Those who don't learn the lessons of an extinct alien civilization's fall may be doomed to repeat it.
Humanity appears to be going down a dangerous path. We've developed weapons powerful enough to off ourselves many times over, for example, and we've been altering Earth's climate for decades without much regard for the serious consequences.
Similar behavior may have led to the demise of advanced alien races around the galaxy, said Avi Loeb, the chair of Harvard's astronomy department. Indeed, this might help explain, at least in part, why we have yet to make contact with ET despite the profusion of habitable real estate in the Milky Way (a puzzle known as the Fermi paradox).
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"One possibility is that these civilizations, based on the way we behave, are short-lived," Loeb said last week during a talk at The Humans to Mars Summit in Washington, D.C. "They think short term, and they produce self-inflicted wounds that eventually kill them."
So, the hunt for ET should be wide-ranging enough to spy artifacts left behind by vanished civilizations, he added — evidence such as burned-up planetary surfaces and products of nuclear war swirling in an alien world's air.
Such a find would perhaps be the greatest scientific discovery of all time, and it might have the added benefit of putting our troubled species on a better path.
"The idea is we may learn something in the process," Loeb said. "We may learn to better behave with each other, not to initiate a nuclear war, or to monitor our planet and make sure that it's habitable for as long as we can make it habitable."
There are other practical justifications for the search for extraterrestrial intelligence (SETI) as well, Loeb said. For example, making contact could lead to huge technological breakthroughs — if the aliens were kind enough to share their knowledge.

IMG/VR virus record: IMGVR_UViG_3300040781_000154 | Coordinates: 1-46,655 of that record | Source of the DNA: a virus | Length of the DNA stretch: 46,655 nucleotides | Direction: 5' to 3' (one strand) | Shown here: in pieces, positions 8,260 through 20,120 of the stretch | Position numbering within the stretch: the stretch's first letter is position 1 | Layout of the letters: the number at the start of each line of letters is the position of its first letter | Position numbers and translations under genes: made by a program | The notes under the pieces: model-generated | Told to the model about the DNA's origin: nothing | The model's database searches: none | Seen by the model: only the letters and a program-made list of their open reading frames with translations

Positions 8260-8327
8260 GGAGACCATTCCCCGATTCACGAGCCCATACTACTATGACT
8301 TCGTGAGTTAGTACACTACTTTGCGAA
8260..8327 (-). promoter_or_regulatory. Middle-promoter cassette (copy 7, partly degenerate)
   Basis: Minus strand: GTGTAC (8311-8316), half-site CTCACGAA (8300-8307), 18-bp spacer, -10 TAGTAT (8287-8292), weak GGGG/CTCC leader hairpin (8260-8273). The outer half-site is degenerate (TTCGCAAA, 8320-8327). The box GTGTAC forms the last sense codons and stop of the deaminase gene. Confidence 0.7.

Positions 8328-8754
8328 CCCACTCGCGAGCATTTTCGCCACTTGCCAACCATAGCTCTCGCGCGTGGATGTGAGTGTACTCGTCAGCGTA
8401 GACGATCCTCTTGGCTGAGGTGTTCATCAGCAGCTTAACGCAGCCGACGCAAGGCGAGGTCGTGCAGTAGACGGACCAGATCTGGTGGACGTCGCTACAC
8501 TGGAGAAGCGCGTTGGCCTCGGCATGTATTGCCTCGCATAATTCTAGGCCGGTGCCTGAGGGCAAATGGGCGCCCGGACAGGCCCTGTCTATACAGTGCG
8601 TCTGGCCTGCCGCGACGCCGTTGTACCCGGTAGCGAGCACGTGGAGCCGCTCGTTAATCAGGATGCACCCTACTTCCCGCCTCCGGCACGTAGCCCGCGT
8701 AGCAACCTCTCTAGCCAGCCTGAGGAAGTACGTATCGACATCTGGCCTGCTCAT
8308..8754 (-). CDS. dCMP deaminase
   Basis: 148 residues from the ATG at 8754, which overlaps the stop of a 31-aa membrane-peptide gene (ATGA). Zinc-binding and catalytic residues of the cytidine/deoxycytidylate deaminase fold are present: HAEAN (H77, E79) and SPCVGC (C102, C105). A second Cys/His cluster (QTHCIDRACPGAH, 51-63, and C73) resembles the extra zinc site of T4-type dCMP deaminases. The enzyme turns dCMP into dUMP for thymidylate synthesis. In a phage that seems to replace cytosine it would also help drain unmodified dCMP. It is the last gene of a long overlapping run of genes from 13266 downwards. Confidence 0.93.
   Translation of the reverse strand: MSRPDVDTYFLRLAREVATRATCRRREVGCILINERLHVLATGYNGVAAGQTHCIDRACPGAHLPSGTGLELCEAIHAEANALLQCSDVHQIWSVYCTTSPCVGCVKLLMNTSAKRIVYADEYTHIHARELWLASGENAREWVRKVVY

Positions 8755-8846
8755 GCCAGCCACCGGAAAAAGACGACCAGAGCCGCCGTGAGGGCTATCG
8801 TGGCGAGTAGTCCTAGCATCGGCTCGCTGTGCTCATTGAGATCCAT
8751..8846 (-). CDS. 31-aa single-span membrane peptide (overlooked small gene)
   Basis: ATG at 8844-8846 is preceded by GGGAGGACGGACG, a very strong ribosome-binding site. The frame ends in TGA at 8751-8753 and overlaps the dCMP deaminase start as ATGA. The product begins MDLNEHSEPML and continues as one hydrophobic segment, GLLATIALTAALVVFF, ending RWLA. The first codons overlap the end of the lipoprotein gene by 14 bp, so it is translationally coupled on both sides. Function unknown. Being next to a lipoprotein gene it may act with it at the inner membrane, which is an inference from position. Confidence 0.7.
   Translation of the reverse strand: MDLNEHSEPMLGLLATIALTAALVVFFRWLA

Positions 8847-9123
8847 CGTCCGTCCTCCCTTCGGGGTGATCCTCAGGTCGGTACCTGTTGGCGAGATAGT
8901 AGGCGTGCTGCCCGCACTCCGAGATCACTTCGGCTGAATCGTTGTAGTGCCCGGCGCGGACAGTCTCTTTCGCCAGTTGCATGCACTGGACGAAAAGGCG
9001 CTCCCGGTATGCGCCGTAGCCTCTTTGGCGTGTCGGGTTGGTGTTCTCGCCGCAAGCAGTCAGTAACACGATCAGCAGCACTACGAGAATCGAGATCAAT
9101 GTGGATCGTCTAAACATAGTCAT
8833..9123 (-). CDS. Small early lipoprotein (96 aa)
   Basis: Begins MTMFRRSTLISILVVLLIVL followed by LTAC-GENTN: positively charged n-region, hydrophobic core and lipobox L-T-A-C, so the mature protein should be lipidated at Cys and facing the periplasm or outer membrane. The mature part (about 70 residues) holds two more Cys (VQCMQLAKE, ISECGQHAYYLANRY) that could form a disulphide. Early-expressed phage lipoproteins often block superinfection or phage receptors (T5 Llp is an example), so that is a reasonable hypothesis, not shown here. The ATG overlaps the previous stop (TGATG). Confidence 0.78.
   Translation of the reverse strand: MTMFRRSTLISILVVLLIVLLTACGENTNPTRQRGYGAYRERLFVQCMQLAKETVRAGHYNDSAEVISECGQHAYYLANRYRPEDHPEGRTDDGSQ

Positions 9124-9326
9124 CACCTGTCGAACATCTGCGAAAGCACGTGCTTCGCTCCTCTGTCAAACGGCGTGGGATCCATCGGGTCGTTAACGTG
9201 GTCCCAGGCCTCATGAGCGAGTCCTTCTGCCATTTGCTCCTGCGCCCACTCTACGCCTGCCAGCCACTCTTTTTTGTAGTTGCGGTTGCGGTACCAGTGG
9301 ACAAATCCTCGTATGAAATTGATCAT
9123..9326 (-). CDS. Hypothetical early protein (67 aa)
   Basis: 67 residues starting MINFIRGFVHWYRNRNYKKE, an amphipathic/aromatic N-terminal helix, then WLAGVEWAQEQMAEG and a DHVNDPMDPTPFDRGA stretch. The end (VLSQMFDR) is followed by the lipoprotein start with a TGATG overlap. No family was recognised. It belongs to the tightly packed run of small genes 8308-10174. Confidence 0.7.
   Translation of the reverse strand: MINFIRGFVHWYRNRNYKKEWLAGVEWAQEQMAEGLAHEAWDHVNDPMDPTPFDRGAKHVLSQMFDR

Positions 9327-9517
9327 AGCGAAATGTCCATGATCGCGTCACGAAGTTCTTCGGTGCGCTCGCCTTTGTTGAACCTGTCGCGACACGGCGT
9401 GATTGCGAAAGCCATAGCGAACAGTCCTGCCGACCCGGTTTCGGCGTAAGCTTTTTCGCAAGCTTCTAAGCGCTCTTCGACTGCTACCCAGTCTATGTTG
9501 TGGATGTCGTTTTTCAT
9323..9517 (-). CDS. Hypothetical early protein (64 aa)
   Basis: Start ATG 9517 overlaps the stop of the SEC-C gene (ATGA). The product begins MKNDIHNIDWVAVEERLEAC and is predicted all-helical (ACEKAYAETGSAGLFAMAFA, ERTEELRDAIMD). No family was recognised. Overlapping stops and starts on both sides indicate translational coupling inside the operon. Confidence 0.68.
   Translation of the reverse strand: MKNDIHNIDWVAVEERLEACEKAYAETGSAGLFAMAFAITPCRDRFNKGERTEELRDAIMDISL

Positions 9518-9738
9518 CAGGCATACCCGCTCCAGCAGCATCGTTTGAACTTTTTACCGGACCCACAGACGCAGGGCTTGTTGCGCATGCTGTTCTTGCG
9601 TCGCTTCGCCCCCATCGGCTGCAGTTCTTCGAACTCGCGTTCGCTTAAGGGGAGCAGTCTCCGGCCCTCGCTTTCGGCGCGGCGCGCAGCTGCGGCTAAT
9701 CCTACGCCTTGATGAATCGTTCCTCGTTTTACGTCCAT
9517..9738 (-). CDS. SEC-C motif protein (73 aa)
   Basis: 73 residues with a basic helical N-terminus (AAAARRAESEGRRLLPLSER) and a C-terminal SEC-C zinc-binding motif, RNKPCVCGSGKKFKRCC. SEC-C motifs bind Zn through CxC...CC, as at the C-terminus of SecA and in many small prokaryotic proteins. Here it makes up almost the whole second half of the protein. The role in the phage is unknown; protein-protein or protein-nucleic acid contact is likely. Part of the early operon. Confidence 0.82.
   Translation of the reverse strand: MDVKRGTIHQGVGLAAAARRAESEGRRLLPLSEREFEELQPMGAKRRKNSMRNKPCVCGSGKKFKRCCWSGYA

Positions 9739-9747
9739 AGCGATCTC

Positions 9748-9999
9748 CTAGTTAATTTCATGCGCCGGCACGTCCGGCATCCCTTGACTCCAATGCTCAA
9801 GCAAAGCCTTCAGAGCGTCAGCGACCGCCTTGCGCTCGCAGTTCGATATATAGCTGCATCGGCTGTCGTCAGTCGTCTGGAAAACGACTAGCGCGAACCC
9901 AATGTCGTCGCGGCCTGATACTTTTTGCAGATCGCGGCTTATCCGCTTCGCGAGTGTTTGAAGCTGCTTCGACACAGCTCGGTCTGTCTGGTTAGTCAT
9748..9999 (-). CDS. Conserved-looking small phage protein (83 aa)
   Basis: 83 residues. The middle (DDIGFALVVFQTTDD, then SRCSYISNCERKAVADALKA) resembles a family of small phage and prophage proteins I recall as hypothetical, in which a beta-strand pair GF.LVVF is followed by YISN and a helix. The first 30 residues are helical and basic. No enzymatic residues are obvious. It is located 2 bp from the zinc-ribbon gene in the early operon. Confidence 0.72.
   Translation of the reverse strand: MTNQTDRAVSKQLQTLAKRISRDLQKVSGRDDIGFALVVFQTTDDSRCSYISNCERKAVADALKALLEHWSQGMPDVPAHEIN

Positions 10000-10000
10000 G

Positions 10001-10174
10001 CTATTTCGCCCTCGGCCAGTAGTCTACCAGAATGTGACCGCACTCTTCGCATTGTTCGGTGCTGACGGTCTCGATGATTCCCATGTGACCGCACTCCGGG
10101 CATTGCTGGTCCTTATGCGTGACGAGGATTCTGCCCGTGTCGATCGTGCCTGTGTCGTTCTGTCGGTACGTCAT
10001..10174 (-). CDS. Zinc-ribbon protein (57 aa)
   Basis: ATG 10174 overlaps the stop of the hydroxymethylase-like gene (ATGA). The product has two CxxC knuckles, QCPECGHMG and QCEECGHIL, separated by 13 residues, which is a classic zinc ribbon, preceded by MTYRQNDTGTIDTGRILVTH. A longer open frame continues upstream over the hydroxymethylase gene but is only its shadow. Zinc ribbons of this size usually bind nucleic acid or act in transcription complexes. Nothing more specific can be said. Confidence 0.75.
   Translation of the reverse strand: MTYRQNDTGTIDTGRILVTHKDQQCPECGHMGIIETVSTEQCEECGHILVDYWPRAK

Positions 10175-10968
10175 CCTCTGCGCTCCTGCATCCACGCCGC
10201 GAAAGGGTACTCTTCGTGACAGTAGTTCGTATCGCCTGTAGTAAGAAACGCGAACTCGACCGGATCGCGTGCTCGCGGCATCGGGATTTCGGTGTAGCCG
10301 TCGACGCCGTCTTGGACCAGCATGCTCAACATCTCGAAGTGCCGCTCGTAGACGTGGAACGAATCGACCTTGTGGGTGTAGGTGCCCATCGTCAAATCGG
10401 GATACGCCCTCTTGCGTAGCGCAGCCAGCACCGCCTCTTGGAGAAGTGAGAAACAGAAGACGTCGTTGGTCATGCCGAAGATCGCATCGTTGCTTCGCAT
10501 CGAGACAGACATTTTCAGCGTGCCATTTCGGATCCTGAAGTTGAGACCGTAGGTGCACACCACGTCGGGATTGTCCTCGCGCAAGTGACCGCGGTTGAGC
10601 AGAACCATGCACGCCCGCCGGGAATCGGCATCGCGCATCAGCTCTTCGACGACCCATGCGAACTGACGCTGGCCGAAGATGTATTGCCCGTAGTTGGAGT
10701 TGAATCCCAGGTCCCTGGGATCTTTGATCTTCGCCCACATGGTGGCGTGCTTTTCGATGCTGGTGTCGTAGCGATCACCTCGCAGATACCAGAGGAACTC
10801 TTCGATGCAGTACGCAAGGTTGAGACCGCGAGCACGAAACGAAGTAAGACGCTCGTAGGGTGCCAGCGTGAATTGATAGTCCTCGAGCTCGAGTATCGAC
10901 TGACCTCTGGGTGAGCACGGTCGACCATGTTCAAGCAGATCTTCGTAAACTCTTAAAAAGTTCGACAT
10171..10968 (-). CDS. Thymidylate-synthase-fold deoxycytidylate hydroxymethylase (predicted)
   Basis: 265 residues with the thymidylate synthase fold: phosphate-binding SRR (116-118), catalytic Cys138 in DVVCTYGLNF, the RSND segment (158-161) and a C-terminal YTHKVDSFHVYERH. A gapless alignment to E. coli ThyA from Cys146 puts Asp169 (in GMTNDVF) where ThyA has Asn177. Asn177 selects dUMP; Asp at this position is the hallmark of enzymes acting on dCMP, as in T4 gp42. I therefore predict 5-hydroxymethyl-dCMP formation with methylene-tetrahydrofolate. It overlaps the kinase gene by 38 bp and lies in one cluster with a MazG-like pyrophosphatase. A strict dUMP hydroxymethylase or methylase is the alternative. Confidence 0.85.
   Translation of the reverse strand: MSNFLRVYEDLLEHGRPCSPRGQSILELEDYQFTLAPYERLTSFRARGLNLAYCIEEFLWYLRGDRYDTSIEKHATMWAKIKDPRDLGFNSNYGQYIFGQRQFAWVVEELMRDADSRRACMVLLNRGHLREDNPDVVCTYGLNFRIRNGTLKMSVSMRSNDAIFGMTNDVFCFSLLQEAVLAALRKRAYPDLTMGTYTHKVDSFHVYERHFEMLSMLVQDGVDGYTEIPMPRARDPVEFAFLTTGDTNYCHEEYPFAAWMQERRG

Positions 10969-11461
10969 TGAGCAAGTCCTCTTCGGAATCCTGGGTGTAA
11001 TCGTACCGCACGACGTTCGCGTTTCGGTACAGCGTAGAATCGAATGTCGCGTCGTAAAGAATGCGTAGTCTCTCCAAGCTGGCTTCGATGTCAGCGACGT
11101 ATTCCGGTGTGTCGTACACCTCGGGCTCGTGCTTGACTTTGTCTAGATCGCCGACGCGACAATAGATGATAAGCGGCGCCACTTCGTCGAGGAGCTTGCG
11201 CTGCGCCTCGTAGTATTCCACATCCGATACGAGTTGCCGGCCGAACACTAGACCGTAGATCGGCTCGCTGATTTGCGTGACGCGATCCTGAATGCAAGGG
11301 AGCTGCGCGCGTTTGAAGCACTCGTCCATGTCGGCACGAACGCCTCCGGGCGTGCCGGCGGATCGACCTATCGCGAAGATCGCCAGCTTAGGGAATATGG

"Our technology is only a century old, but if another civilization had a billion years to develop space travel, they may teach us how to do it," Loeb said.
This possibility is another reason to continue pushing for interstellar-flight technology, he added. Loeb is involved in this field; he chairs the advisory board for Breakthrough Starshot, a $100 million project to develop tiny laser-sailing probes that could zoom toward exoplanetary systems at 20% the speed of light.
Breakthrough Starshot aims to have such a system up and running in 30 years or so. If this effort, or something like it, is successful, intelligent aliens may regard us in a new light — as relative peers worthy of attention and respect, Loeb said.
"My hope is that finding dead civilizations will inspire us to behave better and get our act together," he said. "And another hope that I have is that, once we exit from the solar system, we will receive a message back: 'Welcome to the interstellar club.' And we will figure out that there's a lot of traffic out there that we were not aware of."
We may have already gotten a glimpse of this traffic, Loeb said. He co-authored a paper recently suggesting that 'Oumuamua, the first confirmed interstellar object ever spotted in our solar system, might be an alien spacecraft.
The consensus view is that 'Oumuamua is a cometary body. But it's important not to dismiss the spacecraft idea out of hand, Loeb stressed.
"We should keep an open mind and not presume we know the answer in advance," he said. "You don't need to pretend that you know something."
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Mike Wall's book about the search for alien life, "Out There (opens in new tab)" (Grand Central Publishing, 2018; illustrated by Karl Tate), is out now. Follow him on Twitter @michaeldwall. Follow us on Twitter @Spacedotcom or Facebook.